Novak Z.,University of Ottawa |
Aglipay M.,Ottawa Hospital Research Institute |
Barrowman N.,Ottawa Hospital Research Institute |
Yeates K.O.,University of Calgary |
And 13 more authors.
JAMA Pediatrics | Year: 2016
IMPORTANCE Persistent postconcussion symptoms (PPCS) pose long-term challenges and can negatively affect patients' health-related quality of life (HRQoL). To date, no large comprehensive study has addressed the association between PPCS and HRQoL. OBJECTIVES To determine the association between HRQoL and PPCS at 4 weeks after concussion and assess the degree of impairment of HRQoL in the subsequent 12 weeks. DESIGN, SETTING, AND PARTICIPANTS In a prospective, multicenter cohort study (Predicting Persistent Postconcussive Problems in Pediatrics [5P]) from August 14, 2013, to September 30, 2014, children aged 5 to 18 years who presented to the emergency department within 48 hours after head injury and were considered to have an acute concussion were enrolled across 9 pediatric emergency departments within the Pediatric Emergency Research Canada Network. Persistent postconcussion symptoms were defined as 3 or more persistent symptoms on the validated Post-Concussion Symptom Inventory at 4 weeks. Linear mixed effects random coefficients models evaluated the association between PPCS and HRQoL, adjusting for potential confounders including age, sex, prior concussions, migraine, anxiety, learning disability, depression, and sleep disorder. MAIN OUTCOMES AND MEASURES The primary outcomewas HRQoL assessed with the validated Pediatric Quality of Life Inventory version 4.0 (PedsQL-4.0) at 4, 8, and 12 weeks after head injury. RESULTS Of 2006 children enrolled (median age, 11.8 years [interquartile range, 8.9-14.6 years]; 1241 boys and 765 girls), 1667 (83.1%) completed the PedsQL-4.0 at all 3 time points. Of these 1667 children, the 510 with PPCS (30.6%) had lower total PedsQL-4.0 scores (mean, 70.0) than did those without PPCS (mean, 80.3; mean difference,-10.3; 95%CI, ?9.4 to ?11.2). Patients with PPCS also had significantly lower physical, emotional, social, and school PedsQL-4.0 subscores at 4, 8, and 12 weeks. Patients with PPCS had lower HRQoL than published healthy norms at 4 weeks (mean difference, 13.89; 95%CI, 11.55-16.23), 8 weeks (mean difference, 11.63; 95%CI, 9.34-13.93), and 12 weeks (mean difference, 9.38; 95%CI, 7.01-11.75; P < .001). Patients who recovered from concussion also had lower HRQoL than norms at 4 weeks (mean difference, 3.56; 95%CI, 1.28-5.85) and 8 weeks (mean difference, 2.75; 95%CI, 0.48-5.02; P < .05). School functioning PedsQL-4.0 subscores were significantly lower for all children regardless of PPCS status at all time points. CONCLUSIONS AND RELEVANCE Children with PPCS have lower HRQoL compared with those who have recovered from concussion, yet deficits in HRQoL are pervasive across all domains and may persist for months even in children whose symptoms have resolved. Future interventional research should target the effect of concussion on HRQoL. Copyright 2016 American Medical Association. All rights reserved.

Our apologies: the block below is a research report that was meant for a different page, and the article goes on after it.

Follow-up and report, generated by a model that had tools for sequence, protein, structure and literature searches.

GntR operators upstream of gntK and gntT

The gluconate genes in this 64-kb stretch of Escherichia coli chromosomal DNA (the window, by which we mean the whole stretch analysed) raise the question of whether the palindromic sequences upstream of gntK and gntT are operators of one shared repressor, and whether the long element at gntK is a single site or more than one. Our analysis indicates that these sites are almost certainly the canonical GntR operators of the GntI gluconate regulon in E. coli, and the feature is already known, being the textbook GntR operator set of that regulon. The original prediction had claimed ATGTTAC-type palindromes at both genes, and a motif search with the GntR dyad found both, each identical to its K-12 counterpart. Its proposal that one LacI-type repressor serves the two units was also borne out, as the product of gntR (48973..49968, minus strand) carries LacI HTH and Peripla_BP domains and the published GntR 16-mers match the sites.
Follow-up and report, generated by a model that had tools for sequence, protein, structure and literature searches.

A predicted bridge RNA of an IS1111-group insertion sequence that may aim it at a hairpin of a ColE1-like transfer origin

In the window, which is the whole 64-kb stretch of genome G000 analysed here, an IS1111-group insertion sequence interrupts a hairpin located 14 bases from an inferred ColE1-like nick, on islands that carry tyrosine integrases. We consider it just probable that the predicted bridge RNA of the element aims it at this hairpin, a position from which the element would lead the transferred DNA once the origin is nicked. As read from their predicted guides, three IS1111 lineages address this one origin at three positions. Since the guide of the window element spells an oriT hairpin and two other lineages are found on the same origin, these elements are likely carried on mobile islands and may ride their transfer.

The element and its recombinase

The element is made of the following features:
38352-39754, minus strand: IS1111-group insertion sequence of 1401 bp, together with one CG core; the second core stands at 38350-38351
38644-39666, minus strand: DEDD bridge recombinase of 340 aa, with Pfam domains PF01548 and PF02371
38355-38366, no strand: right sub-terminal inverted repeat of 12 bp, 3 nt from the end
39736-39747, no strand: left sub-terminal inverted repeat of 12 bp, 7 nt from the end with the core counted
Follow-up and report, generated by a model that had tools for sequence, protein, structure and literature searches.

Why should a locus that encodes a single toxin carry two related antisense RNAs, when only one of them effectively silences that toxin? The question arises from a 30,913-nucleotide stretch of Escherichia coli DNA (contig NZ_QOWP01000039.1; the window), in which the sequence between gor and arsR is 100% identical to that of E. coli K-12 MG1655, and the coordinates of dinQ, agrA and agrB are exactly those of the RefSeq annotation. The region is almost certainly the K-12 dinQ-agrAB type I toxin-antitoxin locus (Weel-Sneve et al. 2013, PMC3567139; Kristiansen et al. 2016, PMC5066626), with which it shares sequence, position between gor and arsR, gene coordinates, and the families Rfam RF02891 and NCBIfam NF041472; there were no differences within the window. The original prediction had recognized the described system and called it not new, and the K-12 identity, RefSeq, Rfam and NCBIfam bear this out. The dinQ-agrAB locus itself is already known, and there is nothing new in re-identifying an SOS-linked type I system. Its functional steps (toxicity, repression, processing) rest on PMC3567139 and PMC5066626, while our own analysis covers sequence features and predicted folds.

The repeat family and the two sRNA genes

Keene D.,Childrens Hospital of Eastern Ontario |
Carret A.-S.,Hospital Ste Justine |
Fryer C.,BC Childrens Hospital |
Brossard J.,Université de Sherbrooke |
And 9 more authors.
Child's Nervous System | Year: 2011
Background: Choroid plexus tumors (CPT) are rare pediatric tumors. A population-based study on choroid plexus carcinoma (CPC) and choroid plexus papilloma (CPP) was carried out to describe the incidence, demographic, and outcome data and to identify potential prognostic factors. Methods: The CPT population from the Canadian databank of CNS tumor in children ≤36 months diagnosed between 1990 and 2005 was reviewed Results: Out of the 579 reported cases of CNS tumors, 37 were CPT. The annual age-adjusted incidence rate was 0.22 + 0.12 (95% CI 0.16-0.28)/100,000 children <3 years. There were 21 (56.7%) CPP and 16 (43.3.5%) CPC. Twenty patients (54%) were males. Median age at diagnosis was 7 months(range 0-30). Ten patients(62.5%) with CPC and one with CPP were metastatic at diagnosis. Twenty patients with CPP (95%) had a complete resection, whereas 6/16 CPC (37.5%) achieved a resection >90%. Fourteen CPC patients received adjuvant chemotherapy. None of the 37 patients received adjuvant radiation. At completion of survey, all CPP and five CPC were alive. Median survival time for CPC patients was 15 months (0-120). One death was related to intraoperative hemorrhage, another to chemotherapy-induced toxicity, and one to secondary AML. Age at diagnosis, degree of resection and metastatic status were not significant prognostic factors for CPC. Conclusion: By contrast to CPC, CPP have an excellent prognosis following surgery alone. Survival of CPC remains poor. However, these data may suggest adjuvant chemotherapy can alter the aggressive natural history of CPC. As with other rare CNS tumors, international collaboration is required to identify optimal therapy. © 2010 Springer-Verlag.